socialism also left its mark upon Party publications in the early 1920s. But,
increasingly, imperatives other than the accommodation of diversity proved more
potent and Labour’s economic literature became more and more the product of
those who took an essentially technocratic, scientific and narrowly economistic view
of what socialism should be about. Such was the Fabian political economy that was
to find its quintessential expression in the work of the Webbs, and that will be
discussed at length in Chapter 2.
It was a political economy that was in keeping with the spirit of an age; that
celebrated advances in technology and the natural sciences and that looked, in
consequence, to the application of scientific principles to the organization of
economic and social life. It also resonanted with a desire to replicate in peace
the conscious ordering of economic activity that had permitted the economic and
military achievements of war. But the embrace of such a political economy
was motivated in particular by the imperatives for consistency, rigour and crossclass appeal that came with the possibility, and then the reality, of political power.
For this was a political economy that could secure support from beyond Labour’s
traditional working-class constituency, offering a vision of socialism to inspire and
enthuse a technocratic middle class.
By the mid-1920s, Fabianism had become the dominant strain of political
economy within the Labour Party and, with some reconfiguration and repackaging,
was to remain so into the post-1945 period (see Chapters 8–13). It offered much
to a political party seeking a parliamentary route to power. It advanced a programme of fundamental change in the economic and social organization of the
nation, while at the same time avowing a commitment to gradualism and reform.
It deployed the authoritative language of social science and embraced its methodology using the patois of modernism and conveying a clear sense of what was and
also of what might be. And it was, also, manifestly socialist; socialist in its stress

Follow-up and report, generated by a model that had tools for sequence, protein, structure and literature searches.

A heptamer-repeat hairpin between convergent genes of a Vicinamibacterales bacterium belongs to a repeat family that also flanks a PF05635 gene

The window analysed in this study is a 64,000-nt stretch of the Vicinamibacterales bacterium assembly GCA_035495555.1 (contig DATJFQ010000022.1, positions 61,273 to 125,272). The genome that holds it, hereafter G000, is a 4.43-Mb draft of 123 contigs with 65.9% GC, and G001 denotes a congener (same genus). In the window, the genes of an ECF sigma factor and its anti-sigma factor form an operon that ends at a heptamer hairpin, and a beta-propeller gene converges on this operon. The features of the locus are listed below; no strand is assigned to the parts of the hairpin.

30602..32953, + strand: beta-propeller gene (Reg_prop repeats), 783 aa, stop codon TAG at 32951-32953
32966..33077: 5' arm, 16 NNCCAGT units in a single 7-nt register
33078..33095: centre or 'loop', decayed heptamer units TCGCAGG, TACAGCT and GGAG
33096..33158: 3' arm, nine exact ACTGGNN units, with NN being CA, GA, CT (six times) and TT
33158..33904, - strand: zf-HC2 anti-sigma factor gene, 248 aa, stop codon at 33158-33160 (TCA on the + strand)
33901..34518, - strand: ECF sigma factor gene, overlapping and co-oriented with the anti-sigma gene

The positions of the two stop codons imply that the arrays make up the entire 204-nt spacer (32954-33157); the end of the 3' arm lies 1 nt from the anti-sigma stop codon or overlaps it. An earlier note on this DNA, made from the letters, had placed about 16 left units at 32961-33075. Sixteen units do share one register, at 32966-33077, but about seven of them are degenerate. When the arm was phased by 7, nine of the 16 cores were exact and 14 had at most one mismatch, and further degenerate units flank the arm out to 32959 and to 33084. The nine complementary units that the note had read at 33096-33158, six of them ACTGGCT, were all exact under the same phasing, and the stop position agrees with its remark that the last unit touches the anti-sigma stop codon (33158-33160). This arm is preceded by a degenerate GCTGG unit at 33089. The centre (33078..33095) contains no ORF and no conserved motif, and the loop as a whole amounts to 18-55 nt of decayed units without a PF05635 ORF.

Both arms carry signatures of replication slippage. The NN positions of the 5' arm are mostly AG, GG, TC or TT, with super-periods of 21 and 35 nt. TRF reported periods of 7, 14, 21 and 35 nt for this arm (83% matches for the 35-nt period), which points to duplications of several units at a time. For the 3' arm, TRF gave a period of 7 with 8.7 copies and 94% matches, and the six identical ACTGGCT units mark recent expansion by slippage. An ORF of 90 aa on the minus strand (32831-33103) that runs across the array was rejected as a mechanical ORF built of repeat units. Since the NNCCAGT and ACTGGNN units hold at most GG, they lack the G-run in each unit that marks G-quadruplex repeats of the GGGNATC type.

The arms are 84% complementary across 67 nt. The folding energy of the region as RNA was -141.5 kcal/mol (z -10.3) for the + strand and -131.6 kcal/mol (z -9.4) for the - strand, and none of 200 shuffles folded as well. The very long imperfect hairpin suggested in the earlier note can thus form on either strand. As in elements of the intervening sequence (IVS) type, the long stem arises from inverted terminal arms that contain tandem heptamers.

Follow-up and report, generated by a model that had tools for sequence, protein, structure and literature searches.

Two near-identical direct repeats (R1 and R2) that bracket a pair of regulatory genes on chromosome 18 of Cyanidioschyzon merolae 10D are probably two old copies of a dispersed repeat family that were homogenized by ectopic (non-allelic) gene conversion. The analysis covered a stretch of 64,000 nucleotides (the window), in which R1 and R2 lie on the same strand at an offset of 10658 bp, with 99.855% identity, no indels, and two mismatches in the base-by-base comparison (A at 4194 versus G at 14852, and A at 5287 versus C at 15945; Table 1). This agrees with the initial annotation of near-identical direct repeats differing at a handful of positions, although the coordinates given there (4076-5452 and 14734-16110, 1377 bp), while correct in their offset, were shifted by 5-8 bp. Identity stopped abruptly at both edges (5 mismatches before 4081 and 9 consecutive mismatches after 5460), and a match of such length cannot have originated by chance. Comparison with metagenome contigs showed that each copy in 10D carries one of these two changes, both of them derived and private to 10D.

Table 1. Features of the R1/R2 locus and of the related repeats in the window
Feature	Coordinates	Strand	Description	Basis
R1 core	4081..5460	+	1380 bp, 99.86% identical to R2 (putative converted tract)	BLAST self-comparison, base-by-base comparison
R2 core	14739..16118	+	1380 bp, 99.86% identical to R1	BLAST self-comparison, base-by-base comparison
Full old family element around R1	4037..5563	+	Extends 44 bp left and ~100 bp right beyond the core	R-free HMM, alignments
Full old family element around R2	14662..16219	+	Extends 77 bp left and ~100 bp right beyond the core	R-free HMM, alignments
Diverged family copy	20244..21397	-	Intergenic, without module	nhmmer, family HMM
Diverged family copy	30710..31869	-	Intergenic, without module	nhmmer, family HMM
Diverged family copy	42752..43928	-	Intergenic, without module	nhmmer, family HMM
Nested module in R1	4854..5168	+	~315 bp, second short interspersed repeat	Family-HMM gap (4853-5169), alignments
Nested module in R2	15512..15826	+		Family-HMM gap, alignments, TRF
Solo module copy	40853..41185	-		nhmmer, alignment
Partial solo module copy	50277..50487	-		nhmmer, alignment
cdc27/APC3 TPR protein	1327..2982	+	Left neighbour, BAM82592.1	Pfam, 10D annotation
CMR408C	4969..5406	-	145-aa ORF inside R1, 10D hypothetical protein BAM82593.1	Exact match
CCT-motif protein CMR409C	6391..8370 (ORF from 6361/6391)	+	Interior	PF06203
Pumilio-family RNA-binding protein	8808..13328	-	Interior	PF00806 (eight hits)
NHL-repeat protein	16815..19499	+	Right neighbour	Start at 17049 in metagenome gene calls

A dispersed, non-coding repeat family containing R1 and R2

upon the need for a substantial extension of social ownership; socialist in its
Introduction 3
condemnation of an anarchic and exploitative capitalism and a functionless
capitalist class; socialist in its contempt for that class’s increasing abuse of monopoly
power and its motivation by gain rather than service.
In some respects Fabian political economy was to change its character after the
demise of the second minority Labour government (see Chapters 9 and 10). It was,
inevitably, tarnished by that episode and it was reformulated in ways that sought
to identify and excise the deficiencies that those events had made apparent.
Its gradualism was replaced by a determination to strike swiftly as well as hard
when it came to toppling the bastions of capitalist power. It became more specific
and, in some respects, more aggressive as to the extension of social ownership.
It recognized the need to address the most pressing problems of capitalism as well
as expatiating on what was needed for the construction of a socialist commonwealth. In the context of the 1930s its dialectical engagement with a capitalism
in crisis was much sharper than it had been with the capitalism of the 1920s. But,
for all that, its rhetoric and its vision of socialism were still remarkably similar.
It promised to create socialist order out of the chaos that characterized the interwar capitalist economy and thence stability out of crisis. It gave a pivotal role in
economic decision-making to a skilled, educated, rational and administratively
competent middle class. Utilizing such human resources it offered to replace the
anarchic insecurity of capitalism with the planned, scientific, socialist organization
of economic activity. It conveyed too a sense of collective endeavour informed
by a spirit of social service as against the social fragmentation characteristic of
self-interested and acquisitive behaviour. Labour’s landslide victory in 1945 made
evident the extent of the social constituency into which such a political economy
could tap, the enthusiasms it could unleash and the cross-class appeal it could
However, as discussed in Part III, the end of the Second World War, the advent